Look, I know how this makes me sound. As Feminist its a trite, uneasy, Sex-and-the-City thing to write about oneself. It's why I've written, rewritten and been sitting on this post since June. I finally decided to publish it because of all people, my personal trainer. We've been spending a lot of time together lately and I absolutely adore this girl. She is 24 years old, moved to LA after a traumatic end to her first serious relationship and is trying to make a career in her chosen field happen. Her pain and fear are palpable. It hurts me to know in my heart from experience that she will be okay and also know there is absolutely no way to communicate that certainty to her. After our second session, I texted my Maid of Honor, "Thank God we will never be 24 again."

I get that I am very, very lucky. I have an amazing partner who understands what I do and is committed to making our relationship work even when it keeps us apart for small periods of time. I found an amazing candidate and consulting team who remind me why I chose this career in the first place--and I found them within 40 minutes of my future husband. Even that boyfriend, the one with the break up that spurred me to go to grad school is now one of my best friends and a guest at my wedding. #Blessed.

But it's not just luck; It's patience and experience and confidence. In the time between moving to DC and moving to California I became a person who sought out a partner I could trust to support me professionally and to be my equal in maintaining our relationship. I became a person who was okay with others seeing my imperfections both personal and professional and was therefore more willing to take risks. I got better at asking for what I need. This is by no means a declaration that I have it all figured out, far, far, far from it, but it is a declaration that I know better than I did before.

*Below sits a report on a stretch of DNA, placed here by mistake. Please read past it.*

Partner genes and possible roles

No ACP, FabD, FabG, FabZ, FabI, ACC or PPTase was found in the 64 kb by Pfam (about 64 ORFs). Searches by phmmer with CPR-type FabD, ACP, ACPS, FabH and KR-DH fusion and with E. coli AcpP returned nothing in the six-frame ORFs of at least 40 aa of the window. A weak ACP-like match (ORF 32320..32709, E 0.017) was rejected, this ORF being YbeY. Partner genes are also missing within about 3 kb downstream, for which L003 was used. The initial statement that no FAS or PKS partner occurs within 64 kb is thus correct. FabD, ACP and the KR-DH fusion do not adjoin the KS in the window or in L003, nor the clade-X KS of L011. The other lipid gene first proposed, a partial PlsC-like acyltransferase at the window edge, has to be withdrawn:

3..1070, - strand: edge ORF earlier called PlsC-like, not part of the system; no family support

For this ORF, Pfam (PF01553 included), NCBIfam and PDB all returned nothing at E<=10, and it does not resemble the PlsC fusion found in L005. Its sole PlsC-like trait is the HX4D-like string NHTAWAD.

This post is embarrassing to write and more so to publish. But it's what I would have needed to hear when I was younger and earlier, which is what I strive to do with this blog. The biggest difference between me when I wrote that initial post and me today is the knowledge that even if things do not turn out okay, I will be okay.

I want to end this with a quote said by one of my favorite woman role models (Michelle Obama) to another of my favorite woman role models (Oprah Winfrey) at the 2016 United State of Women.

"I don’t want young women out there to have the expectation that if they’re not having it all that somehow they’re failing. Life is hard. But life is long if you maintain your health, which is one of the reasons why we talk about taking care of yourself. Because you want to get to the next phases in life where you can do more of what you want to do at any given time."

Be strong lady friends in your 20's. Life is coming.

Campaign Love and Mine,